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they can. in fact germany here they formed a task force. they're looking at everything to prevent this from ever happening again, carol. >> it gets more horrifying by the day. stay right there, will. i went to bring in les aspen, our aviation expert at cnn. they found the flight data recorder the second black box. that's a good thing. that will probably sget more light on perhaps whether this was a premeditated act. >> at the end of the day, this is still an accident investigation. that dfdr digital flight data recorder is an integral part of the investigation. it works in harmony with the voice recorder that can be put into a program that you can get realtime data. that's good news. for the sake of the families to the sake of us that want to know it's completing an accident investigation under the proper guidelines is the way to go. >> this flight data recorder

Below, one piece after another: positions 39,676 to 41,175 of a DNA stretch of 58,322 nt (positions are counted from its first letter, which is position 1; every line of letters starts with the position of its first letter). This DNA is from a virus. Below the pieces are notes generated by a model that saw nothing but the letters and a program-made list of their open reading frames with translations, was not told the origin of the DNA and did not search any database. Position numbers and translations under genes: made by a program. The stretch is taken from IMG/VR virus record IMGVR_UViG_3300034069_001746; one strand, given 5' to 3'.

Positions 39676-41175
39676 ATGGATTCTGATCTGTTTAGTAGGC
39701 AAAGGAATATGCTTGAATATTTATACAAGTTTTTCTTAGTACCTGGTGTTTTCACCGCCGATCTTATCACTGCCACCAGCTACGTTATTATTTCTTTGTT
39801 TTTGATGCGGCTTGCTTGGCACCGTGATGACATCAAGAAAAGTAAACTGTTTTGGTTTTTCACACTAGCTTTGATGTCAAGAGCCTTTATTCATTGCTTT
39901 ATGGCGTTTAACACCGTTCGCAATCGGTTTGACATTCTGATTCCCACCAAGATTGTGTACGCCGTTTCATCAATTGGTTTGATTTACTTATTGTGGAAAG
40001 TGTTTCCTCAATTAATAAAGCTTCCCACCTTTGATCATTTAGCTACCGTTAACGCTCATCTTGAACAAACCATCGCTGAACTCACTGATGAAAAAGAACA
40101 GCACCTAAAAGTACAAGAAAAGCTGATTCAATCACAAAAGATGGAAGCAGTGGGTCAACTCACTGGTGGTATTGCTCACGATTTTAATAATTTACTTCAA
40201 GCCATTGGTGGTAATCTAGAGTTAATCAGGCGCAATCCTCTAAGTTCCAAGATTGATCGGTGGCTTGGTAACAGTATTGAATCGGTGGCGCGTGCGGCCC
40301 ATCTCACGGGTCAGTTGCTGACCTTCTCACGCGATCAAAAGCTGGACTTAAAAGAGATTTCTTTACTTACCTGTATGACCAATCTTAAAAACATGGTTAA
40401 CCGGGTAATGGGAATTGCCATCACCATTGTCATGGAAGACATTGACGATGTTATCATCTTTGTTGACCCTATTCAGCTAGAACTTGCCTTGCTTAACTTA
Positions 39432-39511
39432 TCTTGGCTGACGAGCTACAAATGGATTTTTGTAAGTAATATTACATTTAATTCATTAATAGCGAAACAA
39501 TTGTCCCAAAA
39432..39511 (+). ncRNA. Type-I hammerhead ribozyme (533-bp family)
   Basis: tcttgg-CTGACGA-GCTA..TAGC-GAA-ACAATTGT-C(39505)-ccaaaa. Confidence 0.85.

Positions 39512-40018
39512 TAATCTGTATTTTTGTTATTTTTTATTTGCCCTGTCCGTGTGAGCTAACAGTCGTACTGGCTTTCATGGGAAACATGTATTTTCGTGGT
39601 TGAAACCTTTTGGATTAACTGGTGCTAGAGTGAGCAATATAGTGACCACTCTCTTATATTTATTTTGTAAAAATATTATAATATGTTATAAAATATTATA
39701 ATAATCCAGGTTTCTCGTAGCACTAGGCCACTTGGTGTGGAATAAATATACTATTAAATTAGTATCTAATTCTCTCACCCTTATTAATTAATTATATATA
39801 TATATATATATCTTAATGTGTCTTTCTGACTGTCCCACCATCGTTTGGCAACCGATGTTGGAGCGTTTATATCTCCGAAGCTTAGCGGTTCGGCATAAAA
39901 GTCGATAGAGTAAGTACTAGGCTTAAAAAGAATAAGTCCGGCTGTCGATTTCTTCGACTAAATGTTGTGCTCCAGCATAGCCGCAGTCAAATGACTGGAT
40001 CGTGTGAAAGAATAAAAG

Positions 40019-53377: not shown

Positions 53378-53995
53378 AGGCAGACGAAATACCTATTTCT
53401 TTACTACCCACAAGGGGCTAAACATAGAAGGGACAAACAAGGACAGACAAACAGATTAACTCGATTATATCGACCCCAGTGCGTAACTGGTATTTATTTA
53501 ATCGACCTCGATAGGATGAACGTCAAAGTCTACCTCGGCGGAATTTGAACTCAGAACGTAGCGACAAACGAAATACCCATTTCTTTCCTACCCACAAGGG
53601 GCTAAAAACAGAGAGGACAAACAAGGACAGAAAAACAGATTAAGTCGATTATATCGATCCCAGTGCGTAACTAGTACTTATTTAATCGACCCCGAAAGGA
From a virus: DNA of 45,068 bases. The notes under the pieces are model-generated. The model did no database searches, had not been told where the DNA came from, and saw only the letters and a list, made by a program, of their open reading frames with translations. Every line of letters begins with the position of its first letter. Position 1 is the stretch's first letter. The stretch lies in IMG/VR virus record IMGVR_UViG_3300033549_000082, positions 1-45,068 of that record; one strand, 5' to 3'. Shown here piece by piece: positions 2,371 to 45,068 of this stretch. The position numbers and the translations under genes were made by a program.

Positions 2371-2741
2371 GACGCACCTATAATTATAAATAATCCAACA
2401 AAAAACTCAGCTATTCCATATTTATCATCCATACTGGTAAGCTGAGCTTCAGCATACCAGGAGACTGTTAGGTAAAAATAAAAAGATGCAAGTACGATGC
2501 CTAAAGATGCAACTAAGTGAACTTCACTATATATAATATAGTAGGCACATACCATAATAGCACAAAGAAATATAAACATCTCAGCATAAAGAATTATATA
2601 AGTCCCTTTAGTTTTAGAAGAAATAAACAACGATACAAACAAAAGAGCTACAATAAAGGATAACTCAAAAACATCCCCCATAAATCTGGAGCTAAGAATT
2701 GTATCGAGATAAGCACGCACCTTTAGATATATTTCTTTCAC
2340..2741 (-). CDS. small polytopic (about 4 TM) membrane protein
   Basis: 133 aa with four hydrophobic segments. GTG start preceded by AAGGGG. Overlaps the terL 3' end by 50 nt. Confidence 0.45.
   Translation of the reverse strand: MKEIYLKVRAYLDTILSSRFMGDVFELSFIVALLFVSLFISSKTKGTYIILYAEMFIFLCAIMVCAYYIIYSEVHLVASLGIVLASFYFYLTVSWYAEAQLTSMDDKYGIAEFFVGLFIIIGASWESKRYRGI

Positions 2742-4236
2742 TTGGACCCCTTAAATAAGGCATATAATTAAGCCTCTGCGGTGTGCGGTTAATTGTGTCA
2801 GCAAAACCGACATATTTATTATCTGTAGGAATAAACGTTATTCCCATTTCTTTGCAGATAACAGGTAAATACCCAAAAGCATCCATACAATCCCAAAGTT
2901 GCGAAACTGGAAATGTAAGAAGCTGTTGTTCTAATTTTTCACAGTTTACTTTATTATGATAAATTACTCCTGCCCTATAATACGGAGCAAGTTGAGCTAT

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will say whether this guy was manually flying this plane, purposely crashing it. >> it records hundreds of parameters. that's one it should record yes, absolutely. >> i want to head back to germany and check in with will ripley. cnn has also learned that authorities confiscated some computers from this co-pilot's home and on the computers, supposedly he was researching suicide. what do you know about that will? >> reporter: well, they're still going through all the data exhaustively since they seized those computers and other documents from his house, carol. what they're trying to do as they continue to look into his mental history, they're also trying to figure out, again, any evidence of whether this was premeditated. so exactly what was on the computers, the specifics of that haven't been officially released. we don't know all the details.